Although organizations constituted a large portion of the prominent users’ list based on network influence, their impact in other indices of network popularity was limited. Only one organization was present in the list of top 20 retweets, indicating a lack of influence on other users, in spite a high number of followers for organizations. Tweets by individuals were highly popular and were retweeted extensively; individuals constitute 60 percent of the 20 most retweets count. Some of these individuals are well known, such as astronaut Scott Kelly, software engineer Tracy Chou, and campaign founder Isis Wenger; many individuals were not (e.g., Marcos Caceres and Jolene Hayes). This indicates the importance of involvement from individuals in campaign promotion and diffusion. Furthermore, 25 percent of the most retweeted tweets originated from media outlets (e.g., Tech Crunch, Buzzfeed) indicating that their participation is also necessary to diffuse content to niche communities of practice. With respect to users of retweets, a slight majority of the entities were verified (55 percent). In general, non-verified users had fewer followers limiting the reach of their tweets.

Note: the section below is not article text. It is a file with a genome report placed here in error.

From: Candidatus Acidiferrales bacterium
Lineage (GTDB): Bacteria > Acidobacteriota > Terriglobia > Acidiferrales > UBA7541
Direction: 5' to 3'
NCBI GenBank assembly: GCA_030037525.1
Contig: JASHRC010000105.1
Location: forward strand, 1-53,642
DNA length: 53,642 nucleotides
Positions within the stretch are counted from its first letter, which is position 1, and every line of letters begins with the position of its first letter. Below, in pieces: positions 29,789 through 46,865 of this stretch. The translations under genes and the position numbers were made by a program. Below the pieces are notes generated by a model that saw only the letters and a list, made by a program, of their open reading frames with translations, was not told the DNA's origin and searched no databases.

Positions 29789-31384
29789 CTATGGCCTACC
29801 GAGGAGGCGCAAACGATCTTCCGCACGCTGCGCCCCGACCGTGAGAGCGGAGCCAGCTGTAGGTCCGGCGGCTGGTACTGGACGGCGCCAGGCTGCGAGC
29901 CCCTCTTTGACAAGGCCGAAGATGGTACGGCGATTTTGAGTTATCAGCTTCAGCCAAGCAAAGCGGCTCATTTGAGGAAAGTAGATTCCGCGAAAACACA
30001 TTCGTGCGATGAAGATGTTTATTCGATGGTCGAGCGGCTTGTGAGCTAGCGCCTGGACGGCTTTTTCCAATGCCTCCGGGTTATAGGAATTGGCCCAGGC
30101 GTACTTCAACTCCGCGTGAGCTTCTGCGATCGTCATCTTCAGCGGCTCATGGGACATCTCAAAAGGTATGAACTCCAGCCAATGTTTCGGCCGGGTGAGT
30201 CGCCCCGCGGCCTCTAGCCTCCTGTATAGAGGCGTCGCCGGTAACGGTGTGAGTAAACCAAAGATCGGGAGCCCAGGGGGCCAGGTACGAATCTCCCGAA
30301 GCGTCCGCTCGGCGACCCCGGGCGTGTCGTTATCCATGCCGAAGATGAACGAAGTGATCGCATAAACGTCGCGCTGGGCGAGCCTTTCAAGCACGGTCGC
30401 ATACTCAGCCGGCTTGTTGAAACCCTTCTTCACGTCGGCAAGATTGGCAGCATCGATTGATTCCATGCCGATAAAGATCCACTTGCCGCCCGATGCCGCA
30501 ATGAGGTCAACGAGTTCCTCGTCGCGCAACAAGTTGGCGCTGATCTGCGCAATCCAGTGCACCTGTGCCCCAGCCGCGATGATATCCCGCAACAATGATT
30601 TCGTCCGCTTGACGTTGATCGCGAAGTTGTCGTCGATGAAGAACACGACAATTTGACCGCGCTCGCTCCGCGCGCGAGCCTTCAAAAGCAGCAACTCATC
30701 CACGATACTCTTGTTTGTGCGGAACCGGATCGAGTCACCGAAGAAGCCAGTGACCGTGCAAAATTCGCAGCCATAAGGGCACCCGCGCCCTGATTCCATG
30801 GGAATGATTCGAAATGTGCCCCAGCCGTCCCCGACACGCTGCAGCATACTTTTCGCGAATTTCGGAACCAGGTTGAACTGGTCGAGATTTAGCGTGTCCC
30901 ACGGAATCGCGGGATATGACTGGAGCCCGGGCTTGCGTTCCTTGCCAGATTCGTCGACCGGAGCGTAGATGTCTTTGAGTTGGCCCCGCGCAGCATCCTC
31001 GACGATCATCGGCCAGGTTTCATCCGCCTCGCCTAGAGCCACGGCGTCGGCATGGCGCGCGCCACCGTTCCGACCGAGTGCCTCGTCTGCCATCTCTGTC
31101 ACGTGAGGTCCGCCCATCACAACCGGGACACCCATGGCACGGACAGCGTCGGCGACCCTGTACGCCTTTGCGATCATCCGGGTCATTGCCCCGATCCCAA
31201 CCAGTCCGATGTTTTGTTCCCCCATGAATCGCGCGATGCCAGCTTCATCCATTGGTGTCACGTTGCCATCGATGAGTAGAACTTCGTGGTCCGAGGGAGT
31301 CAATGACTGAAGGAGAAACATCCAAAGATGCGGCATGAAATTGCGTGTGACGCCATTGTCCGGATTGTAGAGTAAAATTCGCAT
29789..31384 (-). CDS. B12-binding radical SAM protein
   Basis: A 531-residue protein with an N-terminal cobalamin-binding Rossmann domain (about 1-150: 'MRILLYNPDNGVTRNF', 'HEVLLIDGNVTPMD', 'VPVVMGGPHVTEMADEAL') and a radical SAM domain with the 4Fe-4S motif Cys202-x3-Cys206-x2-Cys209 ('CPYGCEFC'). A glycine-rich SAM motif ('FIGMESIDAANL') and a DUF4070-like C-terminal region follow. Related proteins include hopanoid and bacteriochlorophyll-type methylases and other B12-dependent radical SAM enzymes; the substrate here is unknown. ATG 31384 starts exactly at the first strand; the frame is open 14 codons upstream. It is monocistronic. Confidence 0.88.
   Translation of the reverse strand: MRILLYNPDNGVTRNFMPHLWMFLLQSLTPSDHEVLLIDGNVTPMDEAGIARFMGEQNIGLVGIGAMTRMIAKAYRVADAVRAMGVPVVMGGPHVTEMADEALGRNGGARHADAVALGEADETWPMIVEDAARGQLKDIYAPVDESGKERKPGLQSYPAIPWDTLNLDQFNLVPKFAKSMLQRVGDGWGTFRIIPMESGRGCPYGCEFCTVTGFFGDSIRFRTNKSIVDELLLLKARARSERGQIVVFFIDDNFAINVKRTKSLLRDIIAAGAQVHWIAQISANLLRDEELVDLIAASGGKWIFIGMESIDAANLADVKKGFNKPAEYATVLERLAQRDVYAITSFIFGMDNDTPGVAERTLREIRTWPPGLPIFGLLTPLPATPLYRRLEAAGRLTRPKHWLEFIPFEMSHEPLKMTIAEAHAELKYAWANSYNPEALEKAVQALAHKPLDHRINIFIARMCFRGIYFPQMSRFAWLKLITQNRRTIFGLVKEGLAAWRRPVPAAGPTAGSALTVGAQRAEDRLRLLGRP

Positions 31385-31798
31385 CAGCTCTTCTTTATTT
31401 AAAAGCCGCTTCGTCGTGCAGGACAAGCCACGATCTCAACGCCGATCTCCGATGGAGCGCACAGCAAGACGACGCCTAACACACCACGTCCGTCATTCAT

Actively favorited users